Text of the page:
Kenmore Sq. sign gets high-tech makeover
It has been loved and loathed, condemned and restored, tagged with graffiti and praised as nothing less than art. But one thing is for sure: the neon god of Kenmore Square is no longer neon.
When officials flip a switch Friday to celebrate a complete restoration of Boston's landmark Citgo sign, it will be something altogether different that lights up: light emitting diodes, the glowing chips that made digital alarm clocks possible.
Officials at the Houston-based Citgo Petroleum Corp., who say they learned a lesson in Boston's attachment to the sign 20 years ago after the company threatened to turn it off, insist that no one will be the wiser.
They took pains to make the sign look just as it did before. And they extol the virtues of the specially made LED tubes: They won't break under the harsh seige of a New England winter, as the fragile glass bulbs did, and being considerably more energy efficient, they will cut electric bills in half.
Still, in a city where traditions are held close to the heart and change is viewed with suspicion, there are some who aren't ready to embrace the new light source.
''There is a very firm opinion that the neon is not really neon; it's LED," said Arthur Krim, a Cambridge resident and professed Citgo sign historian who has made it a personal obsession.
He said the new sign may be nearly the same, but there are subtle differences. ''The new bulb is brighter and more intense than the old neon," Krim said.
A doorman at a Kenmore Square hotel, who gave his name only as Patrick, said he grew to love the buzz of the old sign.
''Now that it's gone, I really miss it," he said, adding that the sound belongs in a class with Route 66 and mournful saxophones.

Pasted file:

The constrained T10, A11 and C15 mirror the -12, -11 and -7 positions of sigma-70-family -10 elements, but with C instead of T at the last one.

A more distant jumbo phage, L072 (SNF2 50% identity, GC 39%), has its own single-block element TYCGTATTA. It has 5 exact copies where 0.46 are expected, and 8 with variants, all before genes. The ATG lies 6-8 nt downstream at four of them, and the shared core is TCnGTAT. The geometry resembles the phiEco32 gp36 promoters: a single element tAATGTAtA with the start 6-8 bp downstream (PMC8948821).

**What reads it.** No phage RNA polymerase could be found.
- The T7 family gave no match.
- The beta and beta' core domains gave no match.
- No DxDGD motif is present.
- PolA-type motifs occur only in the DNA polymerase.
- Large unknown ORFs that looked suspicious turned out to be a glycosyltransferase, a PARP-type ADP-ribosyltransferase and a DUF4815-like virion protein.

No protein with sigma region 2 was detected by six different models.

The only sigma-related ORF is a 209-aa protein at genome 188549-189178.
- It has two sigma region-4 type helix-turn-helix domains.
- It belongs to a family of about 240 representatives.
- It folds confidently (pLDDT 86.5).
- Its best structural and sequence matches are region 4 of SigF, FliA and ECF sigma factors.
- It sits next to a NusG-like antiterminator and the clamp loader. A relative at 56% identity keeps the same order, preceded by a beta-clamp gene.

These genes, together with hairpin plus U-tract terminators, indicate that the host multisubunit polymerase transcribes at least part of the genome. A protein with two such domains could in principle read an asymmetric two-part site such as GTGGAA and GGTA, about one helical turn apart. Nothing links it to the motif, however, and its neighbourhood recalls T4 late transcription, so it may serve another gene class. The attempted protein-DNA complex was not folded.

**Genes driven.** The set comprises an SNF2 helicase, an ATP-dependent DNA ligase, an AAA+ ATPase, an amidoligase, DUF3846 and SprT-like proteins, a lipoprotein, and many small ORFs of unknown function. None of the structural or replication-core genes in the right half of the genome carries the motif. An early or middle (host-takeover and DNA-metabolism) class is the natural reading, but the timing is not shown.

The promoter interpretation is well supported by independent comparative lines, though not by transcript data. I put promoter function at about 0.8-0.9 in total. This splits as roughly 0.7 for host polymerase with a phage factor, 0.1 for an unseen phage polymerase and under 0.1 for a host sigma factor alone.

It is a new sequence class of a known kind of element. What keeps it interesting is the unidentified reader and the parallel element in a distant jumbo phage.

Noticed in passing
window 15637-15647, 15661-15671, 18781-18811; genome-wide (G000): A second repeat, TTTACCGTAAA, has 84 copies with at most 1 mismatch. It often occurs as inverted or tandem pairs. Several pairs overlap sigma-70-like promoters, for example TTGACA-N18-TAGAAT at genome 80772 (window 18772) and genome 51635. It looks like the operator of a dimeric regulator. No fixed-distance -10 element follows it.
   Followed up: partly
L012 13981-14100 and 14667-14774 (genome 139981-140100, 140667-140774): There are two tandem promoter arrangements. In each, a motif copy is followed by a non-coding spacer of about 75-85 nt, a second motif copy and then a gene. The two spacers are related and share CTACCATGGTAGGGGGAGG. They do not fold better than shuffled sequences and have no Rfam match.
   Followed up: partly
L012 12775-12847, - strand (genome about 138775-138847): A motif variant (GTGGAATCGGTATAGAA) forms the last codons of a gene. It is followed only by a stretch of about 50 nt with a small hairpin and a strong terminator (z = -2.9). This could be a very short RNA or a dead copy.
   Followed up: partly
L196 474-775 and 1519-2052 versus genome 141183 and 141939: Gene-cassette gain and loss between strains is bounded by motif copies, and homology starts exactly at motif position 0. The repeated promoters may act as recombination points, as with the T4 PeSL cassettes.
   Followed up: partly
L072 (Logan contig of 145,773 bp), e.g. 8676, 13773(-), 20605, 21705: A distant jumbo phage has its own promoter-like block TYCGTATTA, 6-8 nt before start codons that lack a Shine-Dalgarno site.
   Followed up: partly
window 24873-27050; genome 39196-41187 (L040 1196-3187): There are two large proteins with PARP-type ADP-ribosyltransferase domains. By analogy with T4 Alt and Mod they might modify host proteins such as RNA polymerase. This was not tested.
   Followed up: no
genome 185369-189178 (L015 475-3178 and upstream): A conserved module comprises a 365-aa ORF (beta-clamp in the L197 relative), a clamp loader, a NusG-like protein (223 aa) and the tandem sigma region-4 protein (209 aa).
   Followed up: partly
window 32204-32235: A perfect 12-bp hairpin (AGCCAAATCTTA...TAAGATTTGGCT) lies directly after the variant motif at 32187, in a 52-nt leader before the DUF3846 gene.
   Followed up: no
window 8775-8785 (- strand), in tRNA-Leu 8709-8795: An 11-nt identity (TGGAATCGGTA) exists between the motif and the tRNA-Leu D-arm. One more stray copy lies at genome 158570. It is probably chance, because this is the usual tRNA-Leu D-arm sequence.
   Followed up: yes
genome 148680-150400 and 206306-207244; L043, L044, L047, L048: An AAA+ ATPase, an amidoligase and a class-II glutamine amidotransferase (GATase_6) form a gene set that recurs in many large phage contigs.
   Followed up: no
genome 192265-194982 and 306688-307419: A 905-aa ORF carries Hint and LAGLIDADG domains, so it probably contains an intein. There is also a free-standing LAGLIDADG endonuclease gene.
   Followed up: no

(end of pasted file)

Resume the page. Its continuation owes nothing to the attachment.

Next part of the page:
The sign underwent its restoration in September, when Citgo, a unit of the Venezuelan state oil company, launched an effort to restore New England's largest neon sign to its 1965 glamour.
The renovation was urgent, said spokesman David McCollum. The weather-beaten sign had withstood five hurricanes and decades of brutal winters, he said, but it was deteriorating quickly and was costly to maintain.
''Over the past 40 years New England weather, which has not always been kind, had taken its toll," McCollum saud. ''Back in 1983, we had seriously considered turning the thing off for good. But the good citizens of Boston and New England raised a good to-do about it, so we reconsidered."
Back then, Citgo officials renovated the 60-foot-by-60-foot double-faced sign, replacing burned-out wires and fragile glass neon tubes, he said.
But faced with more decay this time, they took the renovation a bit further. ''It is now computer-operated," McCollum said. ''It's more energy efficient. It uses half the power . . . it did before. And the sign will look better."
To some loyal Bostonians and Red Sox fans, the old sign had a life of its own, beyond simple nostalgia and World Series superstition. In 1968, the acclaimed short film ''Go, Go CITGO" which captured honors at the Yale Film Festival, featured the neon sign along with music by the Monkees and Indian sitarist Ravi Shankar. The sign was deemed an ''Objet d'Heart" by Time magazine, and featured in a 1983 Life magazine photo display. In 1987 an animated film immortalized the sign as Kenmore Square's ''neon god."
The most important aspect of the refurbishment in some people's minds was the effect it would have on the Red Sox, who have played in its shadow since the day it was constructed. Mayor Thomas M. Menino, who had the sign lit up during the playoffs one year in an effort to aid the Sox, said he doesn't think the new lighting will make a difference in the quest for a second World Series victory.
''Nothing can change this team's luck," said Menino, who will unveil the refurbished sign at 5 p.m. tomorrow.
In the end, many said they will grow to love the new one, its light source notwithstanding. ''We are lucky to still have the sign," Krim said. ''It is still a great blessing on the Boston skyline."
Donovan Slack of the Globe staff contributed to this story.